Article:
Monday, November 29, 2010

Give A Gift, Be An Ally

Time is flying quickly. Thanksgiving has passed and the end-of-year holidays will be here before we know it. Even though I'm personally trying not to "deal" with the holidays just yet, I'm reminded that this is a time of year when a lot of gay, lesbian, bisexual and transgender people choose to come out to their family or friends for the first time. I want to use my few paragraphs here today to celebrate that fact, but also to offer a bit of advice and a few resources to those who may unexpectedly find themselves in the position of being an ally this holiday season.

Make no mistake: to be an ally and supporter to an "out" person is a valuable gift--one that no monetary purchase can ever hope to equal. I believe that the simple words "I love you" and "I support you" can go a long way toward making someone feel at ease to be themselves around you. Don't underestimate how important such a simple and FREE offering can be.

The news lately has been peppered with stories of young people who've fallen so far from a feeling of acceptance that they've resorted to taking their own lives because of bullying or fear related to being gay, bi or trans. Each and every one of these stories breaks my heart. I want to do my part to stop these tragedies from occurring, because I believe every person, regardless of his/her sexuality, is special and beautiful and has meaning in the world.

I've considered myself an ally for many years now, and I've struggled with sexuality in my own ways, and in the midst of that I've learned a few simple tricks allies can employ that might help people feel comfortable to "come out" to you:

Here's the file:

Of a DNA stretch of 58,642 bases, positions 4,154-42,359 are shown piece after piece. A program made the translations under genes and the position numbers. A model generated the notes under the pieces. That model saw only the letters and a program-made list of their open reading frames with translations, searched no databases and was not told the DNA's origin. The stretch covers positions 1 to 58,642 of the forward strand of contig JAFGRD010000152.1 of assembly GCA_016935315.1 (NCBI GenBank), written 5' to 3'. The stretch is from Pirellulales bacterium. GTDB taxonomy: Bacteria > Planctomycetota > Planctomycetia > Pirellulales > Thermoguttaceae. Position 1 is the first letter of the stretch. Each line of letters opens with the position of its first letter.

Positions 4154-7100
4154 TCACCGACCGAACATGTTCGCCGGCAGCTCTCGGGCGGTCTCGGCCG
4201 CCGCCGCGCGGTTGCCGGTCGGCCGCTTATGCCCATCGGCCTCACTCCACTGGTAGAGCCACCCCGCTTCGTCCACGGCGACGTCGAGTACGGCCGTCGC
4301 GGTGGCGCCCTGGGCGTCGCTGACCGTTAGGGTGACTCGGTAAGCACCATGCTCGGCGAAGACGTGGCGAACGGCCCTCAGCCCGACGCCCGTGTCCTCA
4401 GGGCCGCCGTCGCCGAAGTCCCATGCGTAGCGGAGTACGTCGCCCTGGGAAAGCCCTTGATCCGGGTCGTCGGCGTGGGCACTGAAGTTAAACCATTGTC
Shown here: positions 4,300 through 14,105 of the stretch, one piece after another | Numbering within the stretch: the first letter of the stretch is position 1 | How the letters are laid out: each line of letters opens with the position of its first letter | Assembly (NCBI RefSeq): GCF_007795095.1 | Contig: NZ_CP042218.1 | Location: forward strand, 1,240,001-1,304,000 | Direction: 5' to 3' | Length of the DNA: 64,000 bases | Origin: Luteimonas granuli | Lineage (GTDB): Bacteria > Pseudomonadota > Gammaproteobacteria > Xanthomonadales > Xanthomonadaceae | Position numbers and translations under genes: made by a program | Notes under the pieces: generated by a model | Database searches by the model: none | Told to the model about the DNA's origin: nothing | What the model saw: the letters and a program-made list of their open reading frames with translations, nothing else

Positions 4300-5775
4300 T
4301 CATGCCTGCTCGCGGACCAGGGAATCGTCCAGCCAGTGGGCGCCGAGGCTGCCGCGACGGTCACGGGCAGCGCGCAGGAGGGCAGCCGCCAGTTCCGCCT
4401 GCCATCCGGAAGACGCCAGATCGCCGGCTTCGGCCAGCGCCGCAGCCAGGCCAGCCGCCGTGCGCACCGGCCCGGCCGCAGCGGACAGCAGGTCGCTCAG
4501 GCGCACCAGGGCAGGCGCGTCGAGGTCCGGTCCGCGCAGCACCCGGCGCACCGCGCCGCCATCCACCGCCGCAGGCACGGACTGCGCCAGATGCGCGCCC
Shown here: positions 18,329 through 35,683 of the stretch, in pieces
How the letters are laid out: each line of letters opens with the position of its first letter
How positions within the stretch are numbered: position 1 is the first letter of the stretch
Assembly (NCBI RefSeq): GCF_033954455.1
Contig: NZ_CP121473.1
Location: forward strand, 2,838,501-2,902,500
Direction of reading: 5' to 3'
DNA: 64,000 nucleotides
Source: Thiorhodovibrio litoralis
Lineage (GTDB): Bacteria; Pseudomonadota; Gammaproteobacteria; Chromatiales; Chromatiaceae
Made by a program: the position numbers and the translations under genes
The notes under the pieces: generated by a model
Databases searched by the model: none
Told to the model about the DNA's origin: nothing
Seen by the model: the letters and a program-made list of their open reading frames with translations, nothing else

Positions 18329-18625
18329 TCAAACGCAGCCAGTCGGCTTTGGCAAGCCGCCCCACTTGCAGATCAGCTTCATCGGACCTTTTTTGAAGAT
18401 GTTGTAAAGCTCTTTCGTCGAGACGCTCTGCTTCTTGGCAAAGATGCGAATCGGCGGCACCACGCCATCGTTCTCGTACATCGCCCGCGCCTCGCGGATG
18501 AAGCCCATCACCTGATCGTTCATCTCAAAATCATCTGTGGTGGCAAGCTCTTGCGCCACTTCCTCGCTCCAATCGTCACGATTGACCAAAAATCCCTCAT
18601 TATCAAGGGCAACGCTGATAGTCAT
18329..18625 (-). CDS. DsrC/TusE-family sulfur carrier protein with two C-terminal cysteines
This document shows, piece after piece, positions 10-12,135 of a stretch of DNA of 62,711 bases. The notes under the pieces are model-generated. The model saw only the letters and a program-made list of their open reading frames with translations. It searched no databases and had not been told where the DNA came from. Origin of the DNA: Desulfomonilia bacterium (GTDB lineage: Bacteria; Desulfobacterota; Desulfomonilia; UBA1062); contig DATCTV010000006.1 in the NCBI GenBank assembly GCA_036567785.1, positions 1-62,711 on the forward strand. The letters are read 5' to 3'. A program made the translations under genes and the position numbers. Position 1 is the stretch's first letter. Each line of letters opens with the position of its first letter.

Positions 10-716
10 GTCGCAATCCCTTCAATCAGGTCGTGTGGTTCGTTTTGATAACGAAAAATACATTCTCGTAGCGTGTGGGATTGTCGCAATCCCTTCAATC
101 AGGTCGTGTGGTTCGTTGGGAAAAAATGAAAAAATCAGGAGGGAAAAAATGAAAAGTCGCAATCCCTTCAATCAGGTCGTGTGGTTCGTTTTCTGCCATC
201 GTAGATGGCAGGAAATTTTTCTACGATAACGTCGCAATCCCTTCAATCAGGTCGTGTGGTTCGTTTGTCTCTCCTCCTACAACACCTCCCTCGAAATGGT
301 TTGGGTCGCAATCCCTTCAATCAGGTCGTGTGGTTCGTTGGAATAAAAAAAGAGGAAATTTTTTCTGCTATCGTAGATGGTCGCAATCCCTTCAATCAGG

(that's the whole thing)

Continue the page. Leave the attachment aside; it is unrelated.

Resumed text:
• Consider using gender-neutral language as much as possible when talking about romantic relationships (i.e. substitute "partner" for "boyfriend" or "girlfriend," even when you know the sex/gender of the person you're referring to)
  • Along the same lines, ask broadly-definable questions (i.e., "Are you seeing anyone?" as opposed to "Met any nice guys lately?" or "Do you have a girlfriend?"
  • When appropriate, make reference to your support of issues like same-sex marriage, ordination of gay clergy, anti-bullying, or your beliefs on equality, sexuality or human rights. Alternately, be open-minded and willing to engage different opinions even when expressing opposition to or questions about such issues.
  • Honesty is important: if you can speak about your own struggles, and express your own questions and doubts, other people will respond in kind.

Also, here are some organizations and quick-link resources for people who are or wish to become allies:

Do you know of other resources for allies? Have you had any experience being an ally, or drawing on the support of allies? What has been helpful for you?

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